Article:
Battery Chargers

So it’s that time of year again - we’re coming up to kickoff and we’re frantically scrambling to make sure our labs are ready for the onslaught of activity. One of the things we’re doing for this time-honored tradition is getting some new battery chargers.

So before I start discussing my options, I just want to make sure that I understand the recommended specs for FRC battery chargers. My understanding from experience and the spec sheets for the ES17-12 and NP18-12 tells me that battery chargers should (must) meet the following specs:

  • Nominal output voltage between 14.4V and 15.0V
  • Nominal output current between 4A and 6A, despite specified max charge currents
  • Capable of charging 12V sealed lead acid AGM/gel batteries

Do correct me if I’m wrong.

That being said, there are the two obvious options: the Schumacher SC-600A and AM’s AM-0026. I believe I’ve also seen CTEKs around.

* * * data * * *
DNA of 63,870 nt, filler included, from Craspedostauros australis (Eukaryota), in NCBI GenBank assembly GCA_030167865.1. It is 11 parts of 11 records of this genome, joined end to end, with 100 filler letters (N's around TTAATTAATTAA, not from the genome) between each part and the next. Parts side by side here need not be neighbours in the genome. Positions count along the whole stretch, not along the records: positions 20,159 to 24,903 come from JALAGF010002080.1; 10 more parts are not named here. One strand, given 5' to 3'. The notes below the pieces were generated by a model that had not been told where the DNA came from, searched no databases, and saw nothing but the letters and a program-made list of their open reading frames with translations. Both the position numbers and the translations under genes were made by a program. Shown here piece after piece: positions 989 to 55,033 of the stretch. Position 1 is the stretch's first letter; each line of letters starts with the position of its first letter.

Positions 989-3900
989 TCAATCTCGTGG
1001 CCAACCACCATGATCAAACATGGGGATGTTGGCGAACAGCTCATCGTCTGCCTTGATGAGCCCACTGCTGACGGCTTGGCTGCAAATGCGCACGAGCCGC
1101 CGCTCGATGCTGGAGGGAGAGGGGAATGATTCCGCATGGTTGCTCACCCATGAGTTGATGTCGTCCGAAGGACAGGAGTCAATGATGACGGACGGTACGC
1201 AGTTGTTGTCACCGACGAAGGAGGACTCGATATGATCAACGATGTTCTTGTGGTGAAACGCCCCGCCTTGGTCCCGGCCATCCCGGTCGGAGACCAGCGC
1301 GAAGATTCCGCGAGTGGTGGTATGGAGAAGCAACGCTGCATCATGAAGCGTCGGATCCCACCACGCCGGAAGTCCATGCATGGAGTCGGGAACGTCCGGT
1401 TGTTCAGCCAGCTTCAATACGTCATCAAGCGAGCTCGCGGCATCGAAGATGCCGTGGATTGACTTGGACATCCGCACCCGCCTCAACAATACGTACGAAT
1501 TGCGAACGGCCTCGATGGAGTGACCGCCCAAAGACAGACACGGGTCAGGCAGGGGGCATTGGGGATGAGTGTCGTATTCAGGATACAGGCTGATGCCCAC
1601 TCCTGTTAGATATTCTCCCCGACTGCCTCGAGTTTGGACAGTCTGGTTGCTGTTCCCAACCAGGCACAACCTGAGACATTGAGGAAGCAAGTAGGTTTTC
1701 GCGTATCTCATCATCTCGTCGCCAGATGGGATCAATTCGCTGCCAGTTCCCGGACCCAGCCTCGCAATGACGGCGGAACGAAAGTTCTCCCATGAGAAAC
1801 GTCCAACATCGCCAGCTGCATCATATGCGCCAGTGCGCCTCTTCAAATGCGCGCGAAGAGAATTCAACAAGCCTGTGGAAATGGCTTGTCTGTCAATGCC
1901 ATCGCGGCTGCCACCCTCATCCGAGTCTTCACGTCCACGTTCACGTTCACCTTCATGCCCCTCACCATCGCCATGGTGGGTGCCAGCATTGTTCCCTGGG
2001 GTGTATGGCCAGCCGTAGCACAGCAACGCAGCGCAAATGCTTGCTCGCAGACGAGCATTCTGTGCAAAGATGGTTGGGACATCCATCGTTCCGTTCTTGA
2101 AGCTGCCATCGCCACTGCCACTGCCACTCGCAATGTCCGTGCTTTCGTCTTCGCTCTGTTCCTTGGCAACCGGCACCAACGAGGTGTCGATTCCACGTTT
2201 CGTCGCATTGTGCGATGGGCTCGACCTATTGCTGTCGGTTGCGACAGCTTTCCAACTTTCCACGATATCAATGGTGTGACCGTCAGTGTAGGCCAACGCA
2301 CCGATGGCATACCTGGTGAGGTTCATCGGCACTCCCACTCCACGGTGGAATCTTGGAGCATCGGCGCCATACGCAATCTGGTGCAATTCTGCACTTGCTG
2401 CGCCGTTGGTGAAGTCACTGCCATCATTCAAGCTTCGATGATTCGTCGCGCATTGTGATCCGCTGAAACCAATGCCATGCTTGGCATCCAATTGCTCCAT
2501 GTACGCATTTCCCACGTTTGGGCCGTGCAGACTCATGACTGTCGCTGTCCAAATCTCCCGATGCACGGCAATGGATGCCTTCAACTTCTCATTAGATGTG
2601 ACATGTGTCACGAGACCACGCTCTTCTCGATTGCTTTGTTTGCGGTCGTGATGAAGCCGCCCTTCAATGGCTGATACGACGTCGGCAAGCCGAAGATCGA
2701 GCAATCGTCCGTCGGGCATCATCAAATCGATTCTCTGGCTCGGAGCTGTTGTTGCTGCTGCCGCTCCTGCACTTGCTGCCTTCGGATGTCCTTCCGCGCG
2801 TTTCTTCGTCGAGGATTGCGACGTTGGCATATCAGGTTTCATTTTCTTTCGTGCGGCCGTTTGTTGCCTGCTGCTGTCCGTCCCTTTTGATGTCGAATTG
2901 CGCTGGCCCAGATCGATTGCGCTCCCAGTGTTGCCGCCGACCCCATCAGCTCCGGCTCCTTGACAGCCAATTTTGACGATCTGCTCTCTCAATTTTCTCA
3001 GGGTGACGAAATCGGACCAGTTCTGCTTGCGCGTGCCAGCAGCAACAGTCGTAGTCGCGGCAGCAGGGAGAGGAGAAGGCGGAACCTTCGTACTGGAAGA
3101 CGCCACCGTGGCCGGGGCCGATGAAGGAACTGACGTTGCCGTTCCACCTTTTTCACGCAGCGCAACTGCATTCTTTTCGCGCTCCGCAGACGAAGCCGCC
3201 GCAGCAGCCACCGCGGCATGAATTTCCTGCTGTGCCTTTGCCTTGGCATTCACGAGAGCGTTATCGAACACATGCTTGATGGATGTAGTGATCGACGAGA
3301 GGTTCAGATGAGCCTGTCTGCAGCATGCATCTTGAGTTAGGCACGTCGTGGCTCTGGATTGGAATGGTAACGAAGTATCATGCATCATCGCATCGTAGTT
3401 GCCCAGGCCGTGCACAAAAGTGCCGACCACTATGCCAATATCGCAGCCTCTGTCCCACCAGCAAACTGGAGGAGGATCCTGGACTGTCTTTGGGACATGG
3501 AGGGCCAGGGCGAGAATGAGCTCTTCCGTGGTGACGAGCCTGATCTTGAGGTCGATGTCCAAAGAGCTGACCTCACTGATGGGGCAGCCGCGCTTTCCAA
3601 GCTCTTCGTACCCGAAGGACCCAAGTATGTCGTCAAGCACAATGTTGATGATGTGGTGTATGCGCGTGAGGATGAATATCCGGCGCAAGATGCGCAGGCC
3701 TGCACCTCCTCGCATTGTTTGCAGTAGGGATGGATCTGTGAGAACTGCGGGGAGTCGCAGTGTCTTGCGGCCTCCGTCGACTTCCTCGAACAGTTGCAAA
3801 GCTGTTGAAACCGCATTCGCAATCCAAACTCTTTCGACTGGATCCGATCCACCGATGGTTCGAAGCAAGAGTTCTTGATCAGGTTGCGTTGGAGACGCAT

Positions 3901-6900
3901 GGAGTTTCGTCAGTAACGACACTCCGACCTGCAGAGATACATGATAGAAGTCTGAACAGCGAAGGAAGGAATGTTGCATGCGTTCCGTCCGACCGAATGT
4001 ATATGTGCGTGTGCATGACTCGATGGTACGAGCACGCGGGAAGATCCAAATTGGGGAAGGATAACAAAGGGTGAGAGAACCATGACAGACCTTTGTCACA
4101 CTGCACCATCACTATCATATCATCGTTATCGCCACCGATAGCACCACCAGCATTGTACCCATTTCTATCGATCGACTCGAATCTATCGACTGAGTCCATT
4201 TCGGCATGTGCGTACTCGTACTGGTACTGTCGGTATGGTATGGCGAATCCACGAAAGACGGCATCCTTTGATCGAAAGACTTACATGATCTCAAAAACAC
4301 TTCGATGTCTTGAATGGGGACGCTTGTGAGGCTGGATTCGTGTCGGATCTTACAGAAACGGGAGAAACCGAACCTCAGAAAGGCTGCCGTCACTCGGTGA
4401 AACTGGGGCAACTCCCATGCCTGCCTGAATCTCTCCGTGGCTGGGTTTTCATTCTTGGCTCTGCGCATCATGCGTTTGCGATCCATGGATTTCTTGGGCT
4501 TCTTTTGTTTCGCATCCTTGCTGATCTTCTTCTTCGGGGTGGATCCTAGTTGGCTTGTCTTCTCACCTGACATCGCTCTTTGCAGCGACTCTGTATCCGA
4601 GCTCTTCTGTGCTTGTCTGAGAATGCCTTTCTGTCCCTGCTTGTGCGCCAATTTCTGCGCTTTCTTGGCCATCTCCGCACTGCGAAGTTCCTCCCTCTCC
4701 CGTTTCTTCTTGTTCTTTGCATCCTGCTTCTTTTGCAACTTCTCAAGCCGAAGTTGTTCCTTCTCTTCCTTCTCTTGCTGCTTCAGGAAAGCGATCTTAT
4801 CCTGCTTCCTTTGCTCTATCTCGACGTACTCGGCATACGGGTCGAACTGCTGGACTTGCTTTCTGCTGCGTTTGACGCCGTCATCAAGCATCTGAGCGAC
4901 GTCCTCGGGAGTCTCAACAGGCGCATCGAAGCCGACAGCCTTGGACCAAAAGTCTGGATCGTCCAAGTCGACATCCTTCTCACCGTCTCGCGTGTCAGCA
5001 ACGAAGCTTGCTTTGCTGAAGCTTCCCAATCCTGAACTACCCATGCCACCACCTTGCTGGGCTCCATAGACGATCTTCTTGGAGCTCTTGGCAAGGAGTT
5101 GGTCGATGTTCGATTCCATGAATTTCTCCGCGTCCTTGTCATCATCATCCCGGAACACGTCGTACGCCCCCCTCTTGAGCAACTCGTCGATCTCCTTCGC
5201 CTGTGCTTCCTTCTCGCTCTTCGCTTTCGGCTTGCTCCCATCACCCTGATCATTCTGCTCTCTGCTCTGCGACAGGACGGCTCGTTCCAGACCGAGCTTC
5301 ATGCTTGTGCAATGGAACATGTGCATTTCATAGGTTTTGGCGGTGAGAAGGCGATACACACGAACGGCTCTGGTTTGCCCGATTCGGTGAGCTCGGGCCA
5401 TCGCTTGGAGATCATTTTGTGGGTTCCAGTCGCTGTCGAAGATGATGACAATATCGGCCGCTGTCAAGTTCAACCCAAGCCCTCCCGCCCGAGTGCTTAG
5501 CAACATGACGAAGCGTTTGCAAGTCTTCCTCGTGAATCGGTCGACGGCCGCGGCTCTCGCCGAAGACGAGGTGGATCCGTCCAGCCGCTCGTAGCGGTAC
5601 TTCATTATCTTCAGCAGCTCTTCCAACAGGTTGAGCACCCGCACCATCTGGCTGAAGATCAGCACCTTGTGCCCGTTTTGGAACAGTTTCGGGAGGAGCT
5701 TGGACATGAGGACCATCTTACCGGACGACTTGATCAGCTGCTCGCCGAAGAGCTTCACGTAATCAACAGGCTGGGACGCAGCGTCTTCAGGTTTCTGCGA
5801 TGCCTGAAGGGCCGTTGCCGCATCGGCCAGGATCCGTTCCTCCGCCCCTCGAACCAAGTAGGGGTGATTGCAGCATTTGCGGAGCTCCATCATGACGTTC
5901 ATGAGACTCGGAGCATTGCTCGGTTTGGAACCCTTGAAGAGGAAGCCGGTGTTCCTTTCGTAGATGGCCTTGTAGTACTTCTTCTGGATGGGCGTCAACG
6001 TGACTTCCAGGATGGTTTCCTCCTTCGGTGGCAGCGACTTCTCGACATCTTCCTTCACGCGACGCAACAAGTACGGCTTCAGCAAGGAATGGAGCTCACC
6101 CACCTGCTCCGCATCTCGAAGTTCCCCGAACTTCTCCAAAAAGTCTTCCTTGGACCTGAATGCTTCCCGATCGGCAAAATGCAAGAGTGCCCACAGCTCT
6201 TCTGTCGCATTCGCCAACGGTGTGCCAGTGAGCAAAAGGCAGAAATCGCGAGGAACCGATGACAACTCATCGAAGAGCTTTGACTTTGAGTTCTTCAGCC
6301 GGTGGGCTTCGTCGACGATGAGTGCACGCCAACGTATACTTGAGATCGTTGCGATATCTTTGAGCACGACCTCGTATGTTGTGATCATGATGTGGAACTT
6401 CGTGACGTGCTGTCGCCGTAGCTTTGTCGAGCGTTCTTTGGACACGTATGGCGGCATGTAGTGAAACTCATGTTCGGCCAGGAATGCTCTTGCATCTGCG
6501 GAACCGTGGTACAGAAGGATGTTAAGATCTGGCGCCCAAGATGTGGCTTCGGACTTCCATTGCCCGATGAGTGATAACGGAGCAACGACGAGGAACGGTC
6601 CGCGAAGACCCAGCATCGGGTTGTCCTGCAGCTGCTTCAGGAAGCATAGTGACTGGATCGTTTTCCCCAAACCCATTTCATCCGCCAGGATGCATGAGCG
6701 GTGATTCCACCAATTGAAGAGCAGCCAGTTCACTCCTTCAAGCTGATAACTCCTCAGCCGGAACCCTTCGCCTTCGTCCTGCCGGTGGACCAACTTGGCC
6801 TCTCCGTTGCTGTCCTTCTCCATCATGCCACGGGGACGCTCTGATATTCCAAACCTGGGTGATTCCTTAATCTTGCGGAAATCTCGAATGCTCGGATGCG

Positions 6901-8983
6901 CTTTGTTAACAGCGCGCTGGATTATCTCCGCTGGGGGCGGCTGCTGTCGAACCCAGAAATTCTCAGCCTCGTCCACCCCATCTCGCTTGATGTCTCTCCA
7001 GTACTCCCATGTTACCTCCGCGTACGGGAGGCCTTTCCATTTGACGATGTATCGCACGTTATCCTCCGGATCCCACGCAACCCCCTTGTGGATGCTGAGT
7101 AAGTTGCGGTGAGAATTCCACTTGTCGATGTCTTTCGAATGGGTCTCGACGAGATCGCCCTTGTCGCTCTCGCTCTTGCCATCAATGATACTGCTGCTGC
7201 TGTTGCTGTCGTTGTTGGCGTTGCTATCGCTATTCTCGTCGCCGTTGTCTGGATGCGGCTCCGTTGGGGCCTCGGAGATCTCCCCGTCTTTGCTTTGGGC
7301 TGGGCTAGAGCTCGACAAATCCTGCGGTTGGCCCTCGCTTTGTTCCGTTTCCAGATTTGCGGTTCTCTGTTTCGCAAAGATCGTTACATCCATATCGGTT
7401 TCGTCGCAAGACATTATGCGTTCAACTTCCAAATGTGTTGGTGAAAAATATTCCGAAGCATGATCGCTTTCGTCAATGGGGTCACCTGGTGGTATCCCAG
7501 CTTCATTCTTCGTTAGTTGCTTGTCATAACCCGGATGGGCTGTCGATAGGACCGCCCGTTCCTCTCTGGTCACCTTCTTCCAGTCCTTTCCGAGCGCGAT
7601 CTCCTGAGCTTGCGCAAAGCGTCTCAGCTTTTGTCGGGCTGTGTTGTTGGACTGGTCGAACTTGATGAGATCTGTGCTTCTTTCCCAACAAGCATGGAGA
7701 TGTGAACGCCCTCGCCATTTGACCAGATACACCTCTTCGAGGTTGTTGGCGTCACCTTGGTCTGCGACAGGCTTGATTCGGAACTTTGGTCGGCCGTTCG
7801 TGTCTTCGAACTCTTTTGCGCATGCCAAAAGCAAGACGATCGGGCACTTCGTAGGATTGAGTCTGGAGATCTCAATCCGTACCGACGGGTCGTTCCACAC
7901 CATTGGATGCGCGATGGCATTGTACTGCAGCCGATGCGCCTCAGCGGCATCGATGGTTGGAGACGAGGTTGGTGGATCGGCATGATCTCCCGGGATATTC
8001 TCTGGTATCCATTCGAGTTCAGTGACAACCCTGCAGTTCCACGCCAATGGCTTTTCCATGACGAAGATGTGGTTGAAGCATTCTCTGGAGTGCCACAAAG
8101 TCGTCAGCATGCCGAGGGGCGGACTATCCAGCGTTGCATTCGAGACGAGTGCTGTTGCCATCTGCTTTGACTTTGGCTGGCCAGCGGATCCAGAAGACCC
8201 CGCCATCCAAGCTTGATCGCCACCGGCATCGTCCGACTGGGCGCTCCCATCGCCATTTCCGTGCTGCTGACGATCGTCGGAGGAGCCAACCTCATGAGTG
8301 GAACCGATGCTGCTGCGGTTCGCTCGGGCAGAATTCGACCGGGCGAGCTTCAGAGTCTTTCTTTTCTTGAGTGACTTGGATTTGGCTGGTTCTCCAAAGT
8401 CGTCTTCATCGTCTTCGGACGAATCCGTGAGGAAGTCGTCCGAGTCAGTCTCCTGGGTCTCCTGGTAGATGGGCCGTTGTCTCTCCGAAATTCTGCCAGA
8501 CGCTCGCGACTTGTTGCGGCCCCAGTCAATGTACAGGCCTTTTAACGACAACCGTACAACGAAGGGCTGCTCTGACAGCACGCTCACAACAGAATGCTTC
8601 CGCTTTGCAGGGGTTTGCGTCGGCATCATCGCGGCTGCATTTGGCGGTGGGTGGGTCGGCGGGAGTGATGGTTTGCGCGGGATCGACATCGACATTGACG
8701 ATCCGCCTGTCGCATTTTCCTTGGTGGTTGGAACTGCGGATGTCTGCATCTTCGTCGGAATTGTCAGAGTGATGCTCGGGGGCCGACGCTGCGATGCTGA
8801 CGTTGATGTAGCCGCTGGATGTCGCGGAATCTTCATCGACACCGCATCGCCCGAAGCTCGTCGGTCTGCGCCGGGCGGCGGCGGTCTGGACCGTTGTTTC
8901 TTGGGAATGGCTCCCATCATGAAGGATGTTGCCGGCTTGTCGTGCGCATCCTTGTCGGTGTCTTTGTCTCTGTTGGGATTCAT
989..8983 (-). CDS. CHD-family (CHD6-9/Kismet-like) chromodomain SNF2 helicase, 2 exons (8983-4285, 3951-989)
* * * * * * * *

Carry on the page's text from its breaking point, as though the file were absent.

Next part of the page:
While doing some browsing, I also came across this option, which says that it can support up to 6 batteries at once, and the spec sheet says that they have to be charged in parallel from the charger’s single output - can anyone offer some insight into how exactly this works and whether it’s a viable/safe option for us?

Alternatively, does anyone else have any other recommendations? (besides FIRST Choice).


*Do we know that both FRC batteries are indeed AGM and not gel? It’s not specified in either of the datasheets.

[strike]I recall seeing a post from Al way back when mentioning that both batteries are AGM, although I couldn’t find it when I tried searching, so I could be wrong there.[/strike]

I stand corrected. The ES17-12 is a AGM, the NP18-12 a gel.

We have the three-bank charger from AndyMark, it has worked well for us. I much prefer the SB50 connectors to the clips.


I recall 2815 using Schumacher chargers we bought from Walmart (but I’ve seen the same design with several other manufacturers’ labels on them). They were about $25 each; we cut the leads and added an Anderson connector; they’ve held up fine for two seasons now.

(Fun fact: Once, we had a car with a dead battery at the shop. We took a spare Anderson connector, then connected jumper cables to the bare leads, then hooked THAT to the battery. Sure enough, car started.)